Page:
The conservative approach includes non-steroidal anti-inflammatory drugs (NSAIDs) to relieve pain and contraceptive pills which decrease the production of prostaglandins by preventing ovulation. However, these medicines are taken before the menstruation begins.

NSAIDs are contraindicated if you have a history of kidney and stomach problems.

The other home remedies such as a heating pad to the pelvic area, regular exercises, massage to the back and abdomen, low-fat diet, and intake of calcium and thiamine tablets may help to treat period pain. Some women can find acupuncture useful.

intra-uterine contraceptive deviceS

An intra-uterine contraceptive device IUD releases progesterone which causes hormonal thinning of the endometrium. 95% of women find their periods are lighter and less painful. 30% do not have any periods with an intra-uterine contraceptive device

Surgical Treatments for Dysmenorrhoea

  • Laparoscopy for endometriosis - with excision of deposits of endometriosis. This is known to alleviate pain. An intra-uterine contraceptive device can be inserted in the uterus following this procedure.

  • Hysterectomy – It is the surgical removal of the entire uterus. It is recommended if you have fibroids, uterine prolapse, cancer in the uterus, and vaginal bleeding. This procedure will stop periods. It is not recommended for women who want to have children.


What is Menorrhagia

Menorrhagia is a condition characterized by abnormally heavy or extended menstrual bleeding.

Symptoms of Menorrhagia

The most common symptoms of menorrhagia are:

  • Menstrual flow that soaks one or more pads per hour for several consecutive hours

  • The need to use double sanitary protection to control the flow of blood

  • Need to change your pad frequently during the night

  • Menstrual period that lasts longer than seven days

  • Menstrual flow that includes large blood clots and flooding

  • Affect the daily routine activities due to heavy menstrual flow

  • Fatigue, weakness or shortness of breath (symptoms of anemia)

Causes of Menorrhagia

The cause of menorrhagia is not known in some cases. However, several conditions that may cause menorrhagia include

  • hormonal imbalance,

  • dysfunction of the ovaries,

  • uterine fibroids (non-cancerous (benign) tumors of the uterus),

  • uterine polyps,

  • adenomyosis (where endometrial glands are found in the muscular wall of the uterus),

  • Non hormonal intrauterine devices (IUDs) - including Load 375,

  • cancer,

  • inherited blood disorders,

  • certain medications (anti-inflammatory medications and anticoagulants), and

  • pelvic inflammatory disease (PID),

  • thyroid problems,

  • endometriosis, and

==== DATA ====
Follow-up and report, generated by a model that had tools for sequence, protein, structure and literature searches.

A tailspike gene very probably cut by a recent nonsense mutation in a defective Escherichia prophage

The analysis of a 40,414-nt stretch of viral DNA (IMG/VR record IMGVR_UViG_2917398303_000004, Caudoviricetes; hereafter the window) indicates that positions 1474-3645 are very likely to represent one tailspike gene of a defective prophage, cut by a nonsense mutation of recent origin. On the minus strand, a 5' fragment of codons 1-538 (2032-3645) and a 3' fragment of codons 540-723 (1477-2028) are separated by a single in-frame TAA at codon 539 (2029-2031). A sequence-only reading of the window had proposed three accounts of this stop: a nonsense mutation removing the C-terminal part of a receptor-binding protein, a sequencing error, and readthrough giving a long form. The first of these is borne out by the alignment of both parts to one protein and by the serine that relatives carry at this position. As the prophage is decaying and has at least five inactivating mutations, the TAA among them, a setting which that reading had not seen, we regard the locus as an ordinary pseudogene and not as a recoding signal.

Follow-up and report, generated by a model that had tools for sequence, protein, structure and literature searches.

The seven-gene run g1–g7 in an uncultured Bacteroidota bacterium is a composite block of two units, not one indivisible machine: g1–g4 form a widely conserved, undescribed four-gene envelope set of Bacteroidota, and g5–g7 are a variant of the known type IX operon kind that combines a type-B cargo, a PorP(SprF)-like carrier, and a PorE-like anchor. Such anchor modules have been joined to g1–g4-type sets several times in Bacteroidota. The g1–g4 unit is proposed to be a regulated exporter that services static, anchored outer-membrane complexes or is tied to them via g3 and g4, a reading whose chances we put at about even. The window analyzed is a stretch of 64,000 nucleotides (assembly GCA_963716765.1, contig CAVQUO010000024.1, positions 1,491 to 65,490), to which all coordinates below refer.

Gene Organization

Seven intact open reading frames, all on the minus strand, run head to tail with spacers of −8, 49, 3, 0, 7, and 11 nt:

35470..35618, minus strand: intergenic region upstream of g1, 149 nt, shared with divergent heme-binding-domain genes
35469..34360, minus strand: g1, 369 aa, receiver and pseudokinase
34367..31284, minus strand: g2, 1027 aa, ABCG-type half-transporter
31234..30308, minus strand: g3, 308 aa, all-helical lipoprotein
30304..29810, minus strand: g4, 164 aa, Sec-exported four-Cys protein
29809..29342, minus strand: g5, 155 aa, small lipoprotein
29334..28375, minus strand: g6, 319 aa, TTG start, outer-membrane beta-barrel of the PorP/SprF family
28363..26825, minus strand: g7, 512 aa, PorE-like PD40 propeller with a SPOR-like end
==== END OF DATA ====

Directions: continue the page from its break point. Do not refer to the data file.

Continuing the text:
• liver or kidney disease.

Diagnosis of Menorrhagia

Dr Cook will do a pelvic examination and may recommend other tests or procedures such as

  • pelvic ultrasound scan

  • biopsy of the lining of the womb if the woman is over 40 years of age.

  • hysteroscopy

Biopsy is a technique of removing a piece of tissue from the inner lining of the uterus and examining it under a microscope. This is done to make sure that the cells are growing normally.

Dr Cook may also recommend an examination called hysteroscopy, which involves placing a tiny tube with a light through your cervix to obtain a direct view of the lining of the womb.

Non Surgical Treatments for Menorrhagia

Treatment options will depend on the cause of menorrhagia, the severity of menorrhagia and the overall health of the patient. Some common treatments include:

  • Iron supplements may be started if your iron levels are low.

  • Nonsteroidal anti-inflammatory drugs (NSAIDs) may help reduce menstrual blood flow as well as cramping.

  • Oral contraceptives may be given to help reduce bleeding and make menstrual cycles more regular.

  • Oral progesterone may be given to help correct hormonal imbalance and reduce menorrhagia.

  • Intra-uterine Contraceptive Device IUD is a type of intrauterine device which may be used to release progesterone in the womb that thins the uterine lining and reduces the blood flow.

Surgical Treatments for Menorrhagia

Surgery may be needed if medication therapy is not successful. The surgical procedures include:

  • Dilation and curettage (D&C): It is a procedure in which the cervix is dilated and the lining of the uterus is scraped to reduce menstrual bleeding. You may need additional D&C procedures if menorrhagia recurs. This procedure also allow the gynaecologist to take biopsy and check for abnormal endometrial cells. This is considered diagnostic not therapeutic.

  • Hysteroscopy: This procedure involves the use of a hysteroscope, a tiny tube with a light to view your uterine cavity and to remove abnormalities such as a polyp or a fibroid that may be causing heavy menstrual bleeding.

  • Endometrial ablation: It is a procedure that permanently destroys the entire lining of your uterus (endometrium) resulting in little or no menstrual flow. Dr Cook performs a Novasure Endometrial Ablation

  • Hysterectomy: It is a surgical removal of the uterus and the cervix.

Surgical procedures such as hysterectomy, endometrial ablation, and endometrial resection are for women who decide not to be pregnant or have finished their family. Therefore, discuss with Dr Cook about the treatment options if you plan to get pregnant in the future.

For endometriosis, hormonal preparations can be used and/or, Laparoscopic surgery to remove the endometriosis tissue from pelvic peritoneum.

Fibroids, depending on their location and size can either be left alone and followed up by ultrasound or  treated by medications and /or Surgery remove the fibroids.